Is NZ politics heading for its own Trump moment?

Analysis reveals the main path to Parliament is to be born into the middle class, go to university, spend a short time in work, then get elected via party maneuvering on to a list or into an electorate.

Being an MP is now a job, not a calling. This similarity of backgrounds, experiences and political careers reinforces the beltway paradigm of bland, uninspiring policies with little appetite for risk.

New Zealand’s political system has long been intimate and humble. Under MMP, Parliament is more ethnically and gender diverse. But a narrow range of working and socio-economic backgrounds is creating a governing elite with less direct experience of the lives of the people they represent.

We found, stunningly, a full third of our MPs have worked only as political “insiders” in taxpayer-funded jobs.

We also discovered the biggest single job category for MPs is not having any definable career or work history (23 MPs). These parliamentarians typically leave university, work briefly in largely dissimilar office-based jobs, before finding employment as MPs.

This category has emerged only over the past decade.

And this also separates the left from the right in general.  The left are more likely to be people with little real-life work experience, whereas the right will have had a career before politics.  

To his detractors, Trump’s messages are crude, arrogant and dangerous. But to his supporters, Trump’s ideas are bold, strong and refreshingly authentic – especially against a backdrop of decades of political blandness and double-speak.

Could New Zealand see the rise of its own Trump?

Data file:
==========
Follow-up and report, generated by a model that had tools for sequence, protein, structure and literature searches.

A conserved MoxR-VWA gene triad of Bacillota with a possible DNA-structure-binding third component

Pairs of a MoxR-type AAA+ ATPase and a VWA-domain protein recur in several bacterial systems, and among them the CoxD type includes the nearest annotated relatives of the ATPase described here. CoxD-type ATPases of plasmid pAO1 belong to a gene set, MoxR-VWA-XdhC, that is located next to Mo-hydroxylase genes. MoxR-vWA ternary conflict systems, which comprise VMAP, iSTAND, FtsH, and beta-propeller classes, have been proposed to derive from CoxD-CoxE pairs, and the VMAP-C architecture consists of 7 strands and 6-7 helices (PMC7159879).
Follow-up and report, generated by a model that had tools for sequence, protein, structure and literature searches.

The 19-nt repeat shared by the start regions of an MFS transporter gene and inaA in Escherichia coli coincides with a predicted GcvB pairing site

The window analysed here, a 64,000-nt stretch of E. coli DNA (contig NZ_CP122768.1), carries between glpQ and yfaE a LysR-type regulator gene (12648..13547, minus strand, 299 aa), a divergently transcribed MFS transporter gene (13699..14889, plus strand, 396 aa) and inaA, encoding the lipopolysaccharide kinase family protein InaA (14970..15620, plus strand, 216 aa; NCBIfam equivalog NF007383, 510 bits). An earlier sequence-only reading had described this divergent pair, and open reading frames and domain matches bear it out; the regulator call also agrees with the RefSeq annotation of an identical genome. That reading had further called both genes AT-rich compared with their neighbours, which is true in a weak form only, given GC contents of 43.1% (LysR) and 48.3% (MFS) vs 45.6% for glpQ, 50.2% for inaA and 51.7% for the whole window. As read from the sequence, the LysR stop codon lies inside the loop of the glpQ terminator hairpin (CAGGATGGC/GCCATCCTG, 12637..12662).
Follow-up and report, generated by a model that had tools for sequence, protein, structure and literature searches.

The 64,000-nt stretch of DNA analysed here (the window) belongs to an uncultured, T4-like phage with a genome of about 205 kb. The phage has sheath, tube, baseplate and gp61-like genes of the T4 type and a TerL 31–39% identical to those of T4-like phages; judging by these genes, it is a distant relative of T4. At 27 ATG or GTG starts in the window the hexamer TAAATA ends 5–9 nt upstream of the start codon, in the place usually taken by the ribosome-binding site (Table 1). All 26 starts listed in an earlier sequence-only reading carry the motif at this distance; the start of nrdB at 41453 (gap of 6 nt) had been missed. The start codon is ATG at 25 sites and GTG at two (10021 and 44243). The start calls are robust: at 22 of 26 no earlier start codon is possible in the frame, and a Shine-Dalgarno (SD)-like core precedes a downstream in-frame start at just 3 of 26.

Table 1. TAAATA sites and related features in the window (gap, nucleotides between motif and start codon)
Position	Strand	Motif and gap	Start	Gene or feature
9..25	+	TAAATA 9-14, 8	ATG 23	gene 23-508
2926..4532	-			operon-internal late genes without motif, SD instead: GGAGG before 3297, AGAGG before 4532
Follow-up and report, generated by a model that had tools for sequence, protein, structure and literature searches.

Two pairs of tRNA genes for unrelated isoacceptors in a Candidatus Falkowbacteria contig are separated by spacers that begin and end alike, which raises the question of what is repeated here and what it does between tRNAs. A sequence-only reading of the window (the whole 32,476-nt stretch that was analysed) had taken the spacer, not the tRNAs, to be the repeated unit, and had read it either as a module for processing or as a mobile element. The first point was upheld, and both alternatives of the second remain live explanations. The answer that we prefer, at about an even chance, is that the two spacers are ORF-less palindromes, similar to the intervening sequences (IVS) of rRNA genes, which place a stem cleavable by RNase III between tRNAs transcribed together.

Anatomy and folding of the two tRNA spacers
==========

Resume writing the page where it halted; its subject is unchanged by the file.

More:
Our study’s findings show the ground is being laid for one. Across the political spectrum, our MPs’ lack of life experience is already creating a jarring political culture that increasingly bears little resemblance to the lives of voters.

Populists like Trump are extreme reactions to the very real inadequacies of the current political choices on offer.

If New Zealand’s political elites do not want to face a challenger to their own dominance, they need to start becoming more like the people they represent.

To some degree New Zealand has a safety valve with people like Winston and Key providing sufficient opportunities to both vent and feel there are still people in parliament who can be trusted to communicate directly (enough).

What authors Miller and Blackham don’t include in their analysis is the unelected political party: the Media party. They play a huge role, and generally not in a positive way. They have to be “talked past” if you are a politician on the right. And somewhat amusingly, the left still believe that the media’s general favouritism towards them is a plus.

As we’ve seen through elections and polls, the voters are not receptive to ideas from the left, nor are they taking messages from the Media party with anything but skepticism.

As long as the right keep drawing talent from experience and real life, rather than from trade unions, academia and activism, the emergence of a NZ Trump is unlikely.


The whole article is worth a read.

– Herald on Sunday; Geoffrey Miller is a New Zealand political analyst and researcher currently lecturing at Germany’s Johannes Gutenberg-Universitat Mainz. Mark Blackham is a public relations and political strategy expert with Wellington consultancy BlacklandPR.

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As much at home writing editorials as being the subject of them, Cam has won awards, including the Canon Media Award for his work on the Len Brown/Bevan Chuang story. When he’s not creating the news, he tends to be in it, with protagonists using the courts, media and social media to deliver financial as well as death threats.

They say that news is something that someone, somewhere, wants kept quiet. Cam Slater doesn’t do quiet and, as a result, he is a polarising, controversial but highly effective journalist who takes no prisoners.

He is fearless in his pursuit of a story.

Love him or loathe him, you can’t ignore him.

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